My third is that Aboriginal people constitute a little over 800,000 of our 25 million people. There about as many Indians, and well over a million Chinese. Critics will say, so what? Both Indians and Chinese are interlopers just like Europeans. Yes, I concede that, but they are likely to say, as will many immigrants from Europe, ‘We had to start again, and we’ve worked hard. Why don’t they [indigenous people] do what we had to do, and not just accept sit-down money? Of course a great many Aboriginal people are in jobs, and are well integrated into Australian society. What to do about those who live in remote settlements, where there are no jobs, defeats me at the moment, as it has defeated every Australian Government.
It will be clear I have little time for those of tender heart who say that we stole the land from them, and their children. The notion that the peoples of the continent of Australia were going to be allowed to live on as they had been doing for a long time, without any European intervention at all, is simply preposterous. The land was going to be taken and colonised by someone, English, French or German. I don’t see any reason to suppose that the French or the Germans would have been better masters than the English, and a good deal to suggest that, all things considered, what happened was the best outcome. Yes, the use of the land was going to be different. Yes, some indigenous people were killed, and others were forced off the lands they had come to see as theirs, as custodians or stewards, not as freehold owners. And your alternative?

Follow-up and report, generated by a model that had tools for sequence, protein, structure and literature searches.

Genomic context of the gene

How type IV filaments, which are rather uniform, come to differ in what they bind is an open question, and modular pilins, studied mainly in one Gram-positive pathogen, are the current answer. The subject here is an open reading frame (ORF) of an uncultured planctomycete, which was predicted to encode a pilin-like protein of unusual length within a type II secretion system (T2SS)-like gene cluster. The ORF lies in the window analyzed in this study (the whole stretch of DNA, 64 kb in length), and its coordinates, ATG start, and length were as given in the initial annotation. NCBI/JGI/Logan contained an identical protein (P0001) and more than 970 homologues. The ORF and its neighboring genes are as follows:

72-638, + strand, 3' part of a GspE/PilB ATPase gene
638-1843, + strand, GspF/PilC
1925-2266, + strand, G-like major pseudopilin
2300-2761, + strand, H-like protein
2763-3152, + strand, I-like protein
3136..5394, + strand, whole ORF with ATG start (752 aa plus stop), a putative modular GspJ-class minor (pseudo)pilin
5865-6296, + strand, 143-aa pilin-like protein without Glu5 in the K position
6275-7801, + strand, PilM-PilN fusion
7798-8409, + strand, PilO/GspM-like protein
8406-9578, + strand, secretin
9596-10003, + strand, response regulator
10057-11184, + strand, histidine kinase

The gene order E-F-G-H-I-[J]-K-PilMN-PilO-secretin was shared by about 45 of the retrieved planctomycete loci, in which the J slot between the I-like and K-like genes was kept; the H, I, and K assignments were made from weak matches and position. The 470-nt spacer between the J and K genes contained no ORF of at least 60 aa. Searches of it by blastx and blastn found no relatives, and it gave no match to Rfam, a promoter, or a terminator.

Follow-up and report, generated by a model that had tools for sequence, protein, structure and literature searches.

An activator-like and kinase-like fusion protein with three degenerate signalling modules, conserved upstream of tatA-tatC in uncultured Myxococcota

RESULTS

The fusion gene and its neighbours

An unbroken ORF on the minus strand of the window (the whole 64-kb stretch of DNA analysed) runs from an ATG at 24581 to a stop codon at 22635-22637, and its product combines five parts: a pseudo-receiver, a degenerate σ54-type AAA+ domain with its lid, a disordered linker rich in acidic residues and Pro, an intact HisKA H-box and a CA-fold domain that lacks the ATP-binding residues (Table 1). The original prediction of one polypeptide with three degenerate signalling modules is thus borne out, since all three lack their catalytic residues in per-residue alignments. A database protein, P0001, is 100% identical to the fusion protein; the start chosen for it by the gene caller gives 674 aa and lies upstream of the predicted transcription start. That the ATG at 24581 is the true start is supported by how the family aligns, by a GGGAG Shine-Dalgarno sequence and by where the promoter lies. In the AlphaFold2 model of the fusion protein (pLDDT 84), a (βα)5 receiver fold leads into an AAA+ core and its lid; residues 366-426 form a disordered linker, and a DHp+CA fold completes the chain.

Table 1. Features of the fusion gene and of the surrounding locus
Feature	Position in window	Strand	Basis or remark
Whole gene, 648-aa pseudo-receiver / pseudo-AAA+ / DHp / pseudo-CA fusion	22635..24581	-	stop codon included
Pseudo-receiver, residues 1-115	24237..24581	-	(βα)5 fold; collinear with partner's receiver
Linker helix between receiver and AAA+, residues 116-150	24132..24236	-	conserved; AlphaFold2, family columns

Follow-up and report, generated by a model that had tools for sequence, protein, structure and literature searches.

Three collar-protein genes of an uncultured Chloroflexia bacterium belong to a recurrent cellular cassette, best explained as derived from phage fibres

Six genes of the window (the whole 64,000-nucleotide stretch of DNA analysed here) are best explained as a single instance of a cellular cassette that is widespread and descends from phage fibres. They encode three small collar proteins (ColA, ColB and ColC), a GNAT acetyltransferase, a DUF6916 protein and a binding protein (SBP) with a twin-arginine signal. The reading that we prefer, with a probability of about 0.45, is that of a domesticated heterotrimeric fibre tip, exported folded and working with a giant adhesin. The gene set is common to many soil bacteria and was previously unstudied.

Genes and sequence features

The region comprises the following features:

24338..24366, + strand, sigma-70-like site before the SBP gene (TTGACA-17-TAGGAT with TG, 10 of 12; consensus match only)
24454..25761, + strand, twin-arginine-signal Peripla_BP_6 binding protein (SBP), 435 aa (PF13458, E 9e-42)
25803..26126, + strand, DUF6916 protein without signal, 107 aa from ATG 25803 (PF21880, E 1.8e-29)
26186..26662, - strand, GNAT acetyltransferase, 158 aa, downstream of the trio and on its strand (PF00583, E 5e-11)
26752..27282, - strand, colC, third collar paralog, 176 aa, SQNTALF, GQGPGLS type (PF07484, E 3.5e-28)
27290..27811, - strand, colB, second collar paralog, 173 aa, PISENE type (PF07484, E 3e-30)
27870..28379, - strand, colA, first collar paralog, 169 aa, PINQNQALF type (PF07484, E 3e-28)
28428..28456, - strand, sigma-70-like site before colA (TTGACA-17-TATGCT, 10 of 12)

I know it’s politically incorrect to say so, but I do not feel sorrow for what occurred, nor am I happy with the apology that was offered. Nor would I have walked over the Harbour Bridge to show that I cared. Nor do I think a treaty is what is needed. As I have written before, what we need to do is to hasten the process of integration, assimilation, call it what you will, so that all Australians feel a common bond in feeling ‘Australian’, wherever they come from, and whatever their ‘race’.
Finally, do not think for a moment that it really doesn’t matter. ‘Just give them what they want — it’s only words’, which you’ll hear people say, is simply ignorant. Words in our Constitution, even in the Preamble, can become really important and, as we have seen over the last century, what our founders had in mind is sometimes not what a modern judge thinks they ought to have had in mind. It is actually really important that there are no such changes to our fundamental document, which is why I go on speaking and writing against the possible referendum.
Previous Prime Ministers have decided against establishing a referendum process on this issue, because, to follow Malcolm Turnbull when he held that office, ‘it won’t get up’. Our present PM has been quiet on the matter, and if we have an election soon, as I keep hearing, then it won’t get up in the present Parliament. On the other hand, it looks so innocent a question that he might break all records and get it up and running, just to appease the tender hearts. I sincerely hope not.